Low wages (combined with the increasing cost of living and inadequate benefits, as well as precarious jobs, as explored below) are contributing to an increasing problem of in-work poverty in the UK. The link between hard work and a good quality of life (the social contract) has broken down. IPPR found earlier this year that, while unemployment has fallen, in-work poverty has been rising since 2004. Levels were highest in London, Wales and the North of England, reaching a new high of 17% of working households before the start of the pandemic, and while single parents and large families were most at risk (with 42% of families with three or more children in poverty, up more than two-thirds in the last decade), even families with one full-time and one part-time earner were at greater risk of poverty (up from 5% to 10% over the same period). A more recent IPPR report noted that, while pre-pandemic rates of unemployment were at a 45-year low, almost 40% of employees have seen their hourly pay fall in real terms since the 2007/08 financial crisis, and a majority have seen less than 2% real terms increase per year over that period. The Archbishop of York called earlier this year for a basic wage, arguing that we need to “reset our compass”.
Unemployment also affects some groups more than others, despite historically low levels overall. The employment rate for disabled people was 54% in 2020, compared to 82% for non-disabled people. ONS figures for 2019/20 show that unemployment was highest for people from a Pakistani (9%) or Black (9%) ethnic background, and lowest for people from a White (4%), Indian (4%), or Chinese (5%) ethnic background. The gender gap in unemployment is small (4.4% for women and 4.7% for men). The move towards a net zero economy will put many jobs in carbon-intensive sectors (especially but not only in the energy sector) at risk over the coming years.
The COVID pandemic has both highlighted and exacerbated issues of poverty pay and unemployment. The Resolution Foundation pointed out that, while the pandemic has affected the youngest and oldest workers most, the furlough scheme has meant that incomes fell most in lockdown for those in their late 40s. A recent IPPR report noted that people on the lowest wages were most likely to lose their job or be furloughed, and that most of those who have lost their job because of the pandemic might lack the skills and training needed to obtain one of the newly created roles.
The Trades Union Congress has pointed out the disproportionate impact of COVID-related job losses on ethnic minorities, estimating that the overall BAME unemployment rate rose from 5.8% to 9.5% from 2019 to 2020, compared to an increase from 3.4% to 4.5% for white workers, and suggesting that structural racism in the UK’s labour market was to blame.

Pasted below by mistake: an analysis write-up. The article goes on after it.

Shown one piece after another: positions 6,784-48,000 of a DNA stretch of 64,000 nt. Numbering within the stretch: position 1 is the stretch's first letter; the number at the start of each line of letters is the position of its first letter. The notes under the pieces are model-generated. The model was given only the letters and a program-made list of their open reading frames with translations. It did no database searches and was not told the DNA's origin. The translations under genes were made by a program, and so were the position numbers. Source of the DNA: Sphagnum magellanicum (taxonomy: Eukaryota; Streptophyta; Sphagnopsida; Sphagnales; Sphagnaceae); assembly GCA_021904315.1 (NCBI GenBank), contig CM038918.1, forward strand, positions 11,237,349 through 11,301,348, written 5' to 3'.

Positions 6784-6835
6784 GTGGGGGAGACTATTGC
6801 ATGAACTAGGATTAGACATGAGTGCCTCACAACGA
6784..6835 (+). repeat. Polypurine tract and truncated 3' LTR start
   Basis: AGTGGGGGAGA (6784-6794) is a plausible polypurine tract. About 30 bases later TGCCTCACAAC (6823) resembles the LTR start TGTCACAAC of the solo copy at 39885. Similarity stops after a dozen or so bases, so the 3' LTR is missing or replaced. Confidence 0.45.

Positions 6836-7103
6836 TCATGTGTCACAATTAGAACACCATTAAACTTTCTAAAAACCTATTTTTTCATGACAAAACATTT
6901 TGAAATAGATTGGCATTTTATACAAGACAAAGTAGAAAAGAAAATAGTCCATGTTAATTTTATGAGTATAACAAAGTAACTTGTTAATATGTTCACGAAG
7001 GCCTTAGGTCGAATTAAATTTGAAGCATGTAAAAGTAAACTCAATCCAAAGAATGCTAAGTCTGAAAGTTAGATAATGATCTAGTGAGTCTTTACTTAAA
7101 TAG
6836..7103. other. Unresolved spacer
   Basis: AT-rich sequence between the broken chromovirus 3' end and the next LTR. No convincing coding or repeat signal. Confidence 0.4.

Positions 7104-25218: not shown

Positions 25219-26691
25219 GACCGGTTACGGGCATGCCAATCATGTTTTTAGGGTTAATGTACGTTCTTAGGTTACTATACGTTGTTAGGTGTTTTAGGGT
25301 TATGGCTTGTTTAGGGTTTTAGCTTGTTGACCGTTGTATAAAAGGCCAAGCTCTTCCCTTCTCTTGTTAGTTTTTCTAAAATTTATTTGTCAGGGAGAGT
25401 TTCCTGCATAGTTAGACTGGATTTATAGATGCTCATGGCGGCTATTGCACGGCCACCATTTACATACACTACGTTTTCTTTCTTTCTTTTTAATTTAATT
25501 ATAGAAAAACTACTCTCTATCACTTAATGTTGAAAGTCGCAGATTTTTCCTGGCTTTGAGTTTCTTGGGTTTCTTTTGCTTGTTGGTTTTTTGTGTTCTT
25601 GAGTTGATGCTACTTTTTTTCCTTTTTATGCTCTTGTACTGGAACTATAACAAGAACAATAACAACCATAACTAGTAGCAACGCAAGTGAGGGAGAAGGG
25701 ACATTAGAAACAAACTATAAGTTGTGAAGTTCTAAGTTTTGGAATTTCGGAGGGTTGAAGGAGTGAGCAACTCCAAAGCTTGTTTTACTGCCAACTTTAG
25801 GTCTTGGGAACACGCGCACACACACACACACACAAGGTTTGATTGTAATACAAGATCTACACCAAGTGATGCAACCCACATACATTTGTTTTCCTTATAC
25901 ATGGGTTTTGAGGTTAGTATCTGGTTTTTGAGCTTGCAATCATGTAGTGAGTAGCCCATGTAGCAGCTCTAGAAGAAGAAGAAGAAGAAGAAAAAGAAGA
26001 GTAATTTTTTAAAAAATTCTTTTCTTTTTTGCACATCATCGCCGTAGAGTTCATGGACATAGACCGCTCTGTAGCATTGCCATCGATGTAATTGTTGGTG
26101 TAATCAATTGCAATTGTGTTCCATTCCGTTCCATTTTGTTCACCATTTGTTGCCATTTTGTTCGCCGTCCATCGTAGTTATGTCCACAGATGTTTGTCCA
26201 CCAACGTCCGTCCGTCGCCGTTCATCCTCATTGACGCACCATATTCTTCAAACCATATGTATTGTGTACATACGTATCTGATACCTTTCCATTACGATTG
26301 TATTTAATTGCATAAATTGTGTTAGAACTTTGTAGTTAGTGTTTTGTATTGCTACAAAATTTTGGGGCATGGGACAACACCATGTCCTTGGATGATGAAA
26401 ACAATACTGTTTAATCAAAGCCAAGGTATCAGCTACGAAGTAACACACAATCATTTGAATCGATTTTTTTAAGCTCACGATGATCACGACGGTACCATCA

Analysis by the Guardian has found that young black workers have been hit disproportionately hard during the pandemic, with more than 40% unemployed, three times worse than white workers of the same age.
In a report on DWP Employment Support, Parliament’s Public Accounts Committee said it was concerned that the Department for Work and Pensions “does not know why” unemployment for young black people increased by more than half to 41.6 per cent over the course of 2020, while unemployment among young white people grew just 2 percentage points to 12.4 per cent over the same period.
The Institute for Fiscal Studies has found that Bangladeshi and Pakistani men were four times more likely to work in sectors shut down by COVID than White British men. Another IFS paper on ethnic minorities and social mobility (not specifically in the context of COVID) found that employment disadvantage of minority ethnic groups persists in generations born or raised in the UK, despite improvements in their educational attainment, supporting claims of structural discrimination in the labour market, which echoes the findings of a report by the Runnymede Trust.
Poor quality work, low wages and unemployment have a negative impact on health outcomes (including COVID mortality), as recent studies of seaside towns and the North of England have shown.
Increasing numbers of people are on insecure contracts, including zero-hours contracts, bogus self-employment and the gig economy. IPPR notes that the use of insecure contracts has risen dramatically over the last decade, with 5.5 million people now estimated to be in insecure work such as temporary work, ‘bogus’ self-employment, non-standard contracts, agency and ‘gig’ work, or on zero-hours contracts.